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Tuesday, July 3, 2007

Just Another Day: Musings from An Ethical Wallaby by me

I started out my paper route at 2AM listening to a talk series on Ethics as it applies to human rights and legal ramifications. As this Australian/Canadian author, Margaret Somerville, titled the first in her series An Ethical Wallaby – a ‘wallaby’ is a ‘walk about for enlightenment’ – it certainly caught some of my attention amidst throwing papers in boxes or in driveways.

With Scooter Libby getting his prison sentence commuted, the idea of ethics involving the highest office in the land comes to mind. When is it just to pardon or commute a sentence handed down by a judge after a jury of your peers found you guilty? Certainly this smacks of political favoritism – especially so close to Bush's front door – but why doesn’t it happen more often, in clearer instances of miscarriages of justice? Isn’t a pardon/commutation supposed to be reserved for those we are assured after the case was decided were innocent of the crime they were accused of? The fine Scooter will pay is small ($250,000) in relative terms to his income and probation will likely will not be a burden to him – likely a phone call, at best, from a disinterested parole officer.

Beyond that recent political intrigue, I was thinking back to college. Yes, those grand times when I did not do outstanding work or make any headway in putting behind the past.

I graduated with a 2.07 GPA and missed tons of classes, more than I attended in some semesters, while not getting to know my classmates in my major. For some reason, I found people in other majors more appealing to know. Liberal Arts, Management, English, Elementary Education, Philosophy and Poly Sci were all more enjoyable to talk with than a bunch of Engineer brainiacs.

Life was pretty Greek at Purdue. 25% or more were in those organizations. I was a GDI – and not ashamed of it – but I did not join any other organizations, aside from a semester of Pre-Law Society. Course, that did not go far…until later on in my life...

Somehow, I lost interest in learning and being after high school. Classes, socializing (unless just bullshitting) and giving back did not seem relevant. Sure, I knew it could be important, but then again, many of those flaky, superficial Greeks made situations very unimportant out to be the raison d'être to all of their (and their “brothers and sisters”) worldly ills.

My situational ethics later on would include people shown little sympathy today: Mexican Americans. I worked in a Kroger perishable warehouse as an Industrial Engineer for nearly two years. One of my major responsibilities was the setting of fair labor standards based on MSD (A Time Standard Method) using a labor system developed by Gagnon (Red Prairie.)

This system worked in concert with a fairly complex WMS (Warehouse Mgmt. Sys.) and Kronos (Time tracking system.) With that said, it did not work well at all when I got there. (Soon another Purdue Engineer and I were fixing this situation…at least from a technical aspect.) We also used an incentive program, up to 25% of an employees’ take home pay, to get workers to produce at the desired level, according to safe practices, OSHA standards and various other procedures.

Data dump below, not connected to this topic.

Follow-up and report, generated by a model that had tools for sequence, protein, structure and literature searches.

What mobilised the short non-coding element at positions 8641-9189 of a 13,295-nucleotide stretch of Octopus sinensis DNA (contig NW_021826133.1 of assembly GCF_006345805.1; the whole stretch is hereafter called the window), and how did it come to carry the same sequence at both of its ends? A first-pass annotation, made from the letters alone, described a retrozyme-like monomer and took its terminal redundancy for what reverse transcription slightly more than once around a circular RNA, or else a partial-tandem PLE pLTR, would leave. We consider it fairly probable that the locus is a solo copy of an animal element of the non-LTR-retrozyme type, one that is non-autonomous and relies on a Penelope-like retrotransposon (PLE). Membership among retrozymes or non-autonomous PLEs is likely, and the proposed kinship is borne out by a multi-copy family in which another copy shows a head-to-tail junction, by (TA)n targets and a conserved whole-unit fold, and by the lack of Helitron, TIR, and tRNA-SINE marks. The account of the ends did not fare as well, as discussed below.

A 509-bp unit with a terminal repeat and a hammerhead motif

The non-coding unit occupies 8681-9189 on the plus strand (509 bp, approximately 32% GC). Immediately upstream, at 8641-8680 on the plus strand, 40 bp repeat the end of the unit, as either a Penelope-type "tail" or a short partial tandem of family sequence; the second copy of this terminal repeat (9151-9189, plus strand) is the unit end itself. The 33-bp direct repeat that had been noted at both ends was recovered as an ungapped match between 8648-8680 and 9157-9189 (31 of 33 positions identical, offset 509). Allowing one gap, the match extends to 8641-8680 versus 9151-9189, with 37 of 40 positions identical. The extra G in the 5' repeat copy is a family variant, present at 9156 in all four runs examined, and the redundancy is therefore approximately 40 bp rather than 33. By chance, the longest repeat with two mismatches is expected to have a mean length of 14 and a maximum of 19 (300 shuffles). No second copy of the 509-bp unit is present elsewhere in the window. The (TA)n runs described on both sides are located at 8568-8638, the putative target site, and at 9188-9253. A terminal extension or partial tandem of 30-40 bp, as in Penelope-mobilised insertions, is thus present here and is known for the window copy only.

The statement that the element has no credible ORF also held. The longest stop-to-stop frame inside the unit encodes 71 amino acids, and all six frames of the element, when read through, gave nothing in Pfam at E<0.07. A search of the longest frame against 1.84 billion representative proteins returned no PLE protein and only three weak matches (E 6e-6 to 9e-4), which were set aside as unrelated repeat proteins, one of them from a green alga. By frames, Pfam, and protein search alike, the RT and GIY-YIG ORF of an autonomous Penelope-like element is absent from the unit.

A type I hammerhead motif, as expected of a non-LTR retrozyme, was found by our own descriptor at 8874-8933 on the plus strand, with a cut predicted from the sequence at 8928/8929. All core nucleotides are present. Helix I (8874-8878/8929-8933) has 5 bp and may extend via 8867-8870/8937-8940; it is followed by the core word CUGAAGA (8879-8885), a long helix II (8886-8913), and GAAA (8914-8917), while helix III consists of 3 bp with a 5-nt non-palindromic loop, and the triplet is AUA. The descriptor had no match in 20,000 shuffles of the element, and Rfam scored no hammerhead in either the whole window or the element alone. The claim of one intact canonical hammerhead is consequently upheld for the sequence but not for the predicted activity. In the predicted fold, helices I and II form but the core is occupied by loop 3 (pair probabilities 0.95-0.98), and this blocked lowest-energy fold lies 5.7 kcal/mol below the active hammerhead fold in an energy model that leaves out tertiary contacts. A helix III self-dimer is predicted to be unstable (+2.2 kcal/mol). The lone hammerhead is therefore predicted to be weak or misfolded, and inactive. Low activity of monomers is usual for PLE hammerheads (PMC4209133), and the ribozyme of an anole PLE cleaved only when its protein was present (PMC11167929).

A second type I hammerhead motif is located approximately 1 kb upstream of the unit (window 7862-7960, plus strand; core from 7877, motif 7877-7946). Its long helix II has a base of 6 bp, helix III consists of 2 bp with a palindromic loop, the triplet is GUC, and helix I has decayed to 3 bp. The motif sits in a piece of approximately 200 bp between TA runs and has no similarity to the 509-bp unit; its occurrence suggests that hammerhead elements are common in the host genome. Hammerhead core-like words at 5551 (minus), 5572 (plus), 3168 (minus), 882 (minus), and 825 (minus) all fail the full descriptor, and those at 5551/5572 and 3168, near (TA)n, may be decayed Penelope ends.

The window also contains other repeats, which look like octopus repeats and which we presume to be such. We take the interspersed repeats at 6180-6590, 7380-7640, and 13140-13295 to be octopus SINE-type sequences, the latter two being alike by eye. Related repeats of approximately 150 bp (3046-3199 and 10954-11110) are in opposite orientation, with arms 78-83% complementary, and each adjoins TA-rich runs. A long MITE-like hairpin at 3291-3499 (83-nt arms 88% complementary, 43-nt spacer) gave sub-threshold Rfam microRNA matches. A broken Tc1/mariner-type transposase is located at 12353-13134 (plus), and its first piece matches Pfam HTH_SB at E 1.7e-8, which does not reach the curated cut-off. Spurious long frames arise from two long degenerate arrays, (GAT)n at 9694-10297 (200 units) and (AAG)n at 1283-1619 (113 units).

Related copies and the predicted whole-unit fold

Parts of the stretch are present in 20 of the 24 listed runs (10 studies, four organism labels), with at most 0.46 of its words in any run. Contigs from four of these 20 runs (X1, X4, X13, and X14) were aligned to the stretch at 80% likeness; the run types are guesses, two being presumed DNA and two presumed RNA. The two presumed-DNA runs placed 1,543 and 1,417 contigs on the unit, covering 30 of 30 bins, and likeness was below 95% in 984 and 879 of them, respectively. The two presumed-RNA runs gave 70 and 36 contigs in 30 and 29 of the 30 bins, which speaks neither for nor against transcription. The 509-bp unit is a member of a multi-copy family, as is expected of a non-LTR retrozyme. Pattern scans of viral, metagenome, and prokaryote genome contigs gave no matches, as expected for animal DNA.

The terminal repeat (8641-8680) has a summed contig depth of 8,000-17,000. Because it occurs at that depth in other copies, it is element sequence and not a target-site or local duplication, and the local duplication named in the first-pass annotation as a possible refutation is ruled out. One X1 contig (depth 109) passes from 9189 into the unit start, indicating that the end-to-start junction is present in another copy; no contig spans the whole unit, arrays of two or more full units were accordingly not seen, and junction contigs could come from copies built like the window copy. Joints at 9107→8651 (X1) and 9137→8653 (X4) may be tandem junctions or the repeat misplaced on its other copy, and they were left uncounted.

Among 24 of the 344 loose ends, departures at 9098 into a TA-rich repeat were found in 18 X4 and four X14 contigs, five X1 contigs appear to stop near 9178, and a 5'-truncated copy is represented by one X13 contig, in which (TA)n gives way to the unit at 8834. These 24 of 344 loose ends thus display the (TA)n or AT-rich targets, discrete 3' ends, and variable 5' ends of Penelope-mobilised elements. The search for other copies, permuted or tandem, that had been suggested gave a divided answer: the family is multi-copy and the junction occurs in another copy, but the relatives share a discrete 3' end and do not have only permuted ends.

However, this did not take place usually. And it was often a case of supervisors ignoring dangerous problems or chastising the wrong people, Mexicans most often, because many were illegal.

So, I did my own informal, if realistic study of people. I took the entire workforce and broke them into 4 classes: white, Mexicans that speak passable English, Mexicans unable to speak English well, and African Americans. I did not do this to support any report; nor to generalize for the sake of justification to a superior, but to know if there were any tendencies.

From memory, the breakdown out of 380 employees was:
35% white
19% Passable English
28% Non-English
15% African American
3% Other
Once trained (90 days selecting cases) the best performers were:
1. Mexican Passable – 117%
2. Mexican Non Passable – 109%
3. Other – 105%
4. African Americans – 101%
5. Whites – 98%

No one knew I did this. But it does reflect many who are here illegally are working much harder for the American Dream than our current legal population does. Upton Sinclair’s 'The Jungle' is alive, to a much lesser degree, as we hear about our non-English speakers getting screwed a great deal. Human Rights go out the door where the goal is to make a buck - even in 21st century.

I once tried to stop a Spanish-speaking supervisor from chewing out a Mexican illegal. He thought I could not understand Spanish – I did not have to know that much to know what he was saying was wrong – but for that interference the Operations Manager was none too pleased. He didn’t quite snap; but he wanted to, on me. (But he knew I had a point too.)

The point of this meandering diatribe is we are not all born to Ethics. Maybe I should have been more aware of what my future would be, if I had taken the time to involve myself in good causes, student organizations and cared about my major, then concrete Ethics might have took sooner. (To little too late if you've read other posts of mine.)

But then again, if I had Scooter Libby’s pull, the ideas of ethics and treatment of information vital to America’s safety, could be pardoned away by an Op. Manager not in charge of his mental faculties.
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